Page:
Isolation and study of microorganisms from oil samples for application in Microbial Enhanced Oil Recovery


Microbial Enhanced Oil Recovery (MEOR) is potentially useful to increment oil recovery from a reservoir beyond primary and secondary recovery operations using microorganisms and their metabolites. Stimulation of bacterial growth for biosurfactant production and degradation of heavy oil fractions by indigenous microorganisms can enhance the fluidity and reduce the capillary forces that retain the oil into the reservoir. MEOR offers major advantages over conventional EOR, namely low energy consumption and independence of the price of crude oil. In this work, the isolation and identification of microorganisms capable of producing biosurfactants and promote degradation of long-chain n-alkanes under conditions existent in oil reservoirs were addressed. Among the isolated microorganisms, five Bacillus strains were able to produce extracellular biosurfactants at 40 degrees C under anaerobic conditions in medium supplemented with hydrocarbons. Three isolates were selected as the higher biosurfactant producers. The obtained biosurfactants reduced the surface tension of water from 72 to 30 mN/m, exhibited emulsifying activity and were not affected by exposure to high temperatures (121 degrees C). These characteristics make them good candidates for use at conditions usually existing in oil reservoirs. Furthermore, it was here shown for the first time that Bacillus strains were able to degrade large alkyl chains and reduce the viscosity of hydrocarbon mixtures under anaerobic conditions. The results obtained show that the isolated microorganisms are promising candidates for the development of enhanced oil recovery processes. (C) 2012 Elsevier Ltd. All rights reserved.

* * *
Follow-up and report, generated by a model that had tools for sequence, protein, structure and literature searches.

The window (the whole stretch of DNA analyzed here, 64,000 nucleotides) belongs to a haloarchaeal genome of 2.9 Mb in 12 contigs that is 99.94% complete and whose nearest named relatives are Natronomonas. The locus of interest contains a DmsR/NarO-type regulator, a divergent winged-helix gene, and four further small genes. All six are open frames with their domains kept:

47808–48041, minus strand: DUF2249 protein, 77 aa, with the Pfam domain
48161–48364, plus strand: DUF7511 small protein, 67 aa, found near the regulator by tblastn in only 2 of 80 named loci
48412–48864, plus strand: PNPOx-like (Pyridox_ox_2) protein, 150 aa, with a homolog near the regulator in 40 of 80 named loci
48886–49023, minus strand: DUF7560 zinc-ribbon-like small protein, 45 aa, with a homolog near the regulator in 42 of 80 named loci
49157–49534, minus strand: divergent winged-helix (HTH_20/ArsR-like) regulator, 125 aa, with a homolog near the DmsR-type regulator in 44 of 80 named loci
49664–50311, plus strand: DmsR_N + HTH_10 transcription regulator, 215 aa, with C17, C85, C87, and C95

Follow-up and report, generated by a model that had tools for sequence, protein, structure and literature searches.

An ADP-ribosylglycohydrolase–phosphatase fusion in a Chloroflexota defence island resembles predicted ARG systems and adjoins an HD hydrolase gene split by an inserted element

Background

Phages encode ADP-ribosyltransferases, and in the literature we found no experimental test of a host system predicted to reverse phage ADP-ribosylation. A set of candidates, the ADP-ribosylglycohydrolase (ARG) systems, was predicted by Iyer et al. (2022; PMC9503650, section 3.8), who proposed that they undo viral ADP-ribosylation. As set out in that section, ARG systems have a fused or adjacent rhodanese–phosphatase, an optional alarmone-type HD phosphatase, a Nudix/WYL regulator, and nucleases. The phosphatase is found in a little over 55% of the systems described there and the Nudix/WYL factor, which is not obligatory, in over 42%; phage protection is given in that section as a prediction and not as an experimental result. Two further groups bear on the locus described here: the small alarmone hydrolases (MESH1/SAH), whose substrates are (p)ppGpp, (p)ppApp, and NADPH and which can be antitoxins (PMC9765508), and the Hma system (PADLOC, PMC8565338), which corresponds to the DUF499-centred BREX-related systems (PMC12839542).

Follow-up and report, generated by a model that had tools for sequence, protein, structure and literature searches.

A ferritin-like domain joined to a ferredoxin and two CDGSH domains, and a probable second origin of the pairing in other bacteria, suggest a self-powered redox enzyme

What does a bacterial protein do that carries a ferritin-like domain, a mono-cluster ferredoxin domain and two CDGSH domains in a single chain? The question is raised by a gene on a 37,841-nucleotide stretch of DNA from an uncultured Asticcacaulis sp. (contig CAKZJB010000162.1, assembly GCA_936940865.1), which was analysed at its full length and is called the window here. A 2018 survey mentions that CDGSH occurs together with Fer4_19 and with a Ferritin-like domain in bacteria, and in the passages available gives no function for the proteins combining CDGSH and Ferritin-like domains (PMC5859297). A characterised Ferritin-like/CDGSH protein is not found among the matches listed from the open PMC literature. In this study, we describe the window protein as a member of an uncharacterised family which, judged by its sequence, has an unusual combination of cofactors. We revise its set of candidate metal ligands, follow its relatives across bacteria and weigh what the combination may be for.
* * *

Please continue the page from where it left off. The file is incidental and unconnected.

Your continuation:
subject category

Biotechnology & Applied Microbiology; Environmental Sciences & Ecology


Gudina, EJ; Pereira, JFB; Rodrigues, LR; Coutinho, JAP; Teixeira, JA

our authors


This work was supported by PARTEX OIL AND GAS. Jorge F. B. Pereira acknowledges the financial support from Fundacao para a Ciencia e a Tecnologia through doctoral research grant SFRH/BD/60228/2009.

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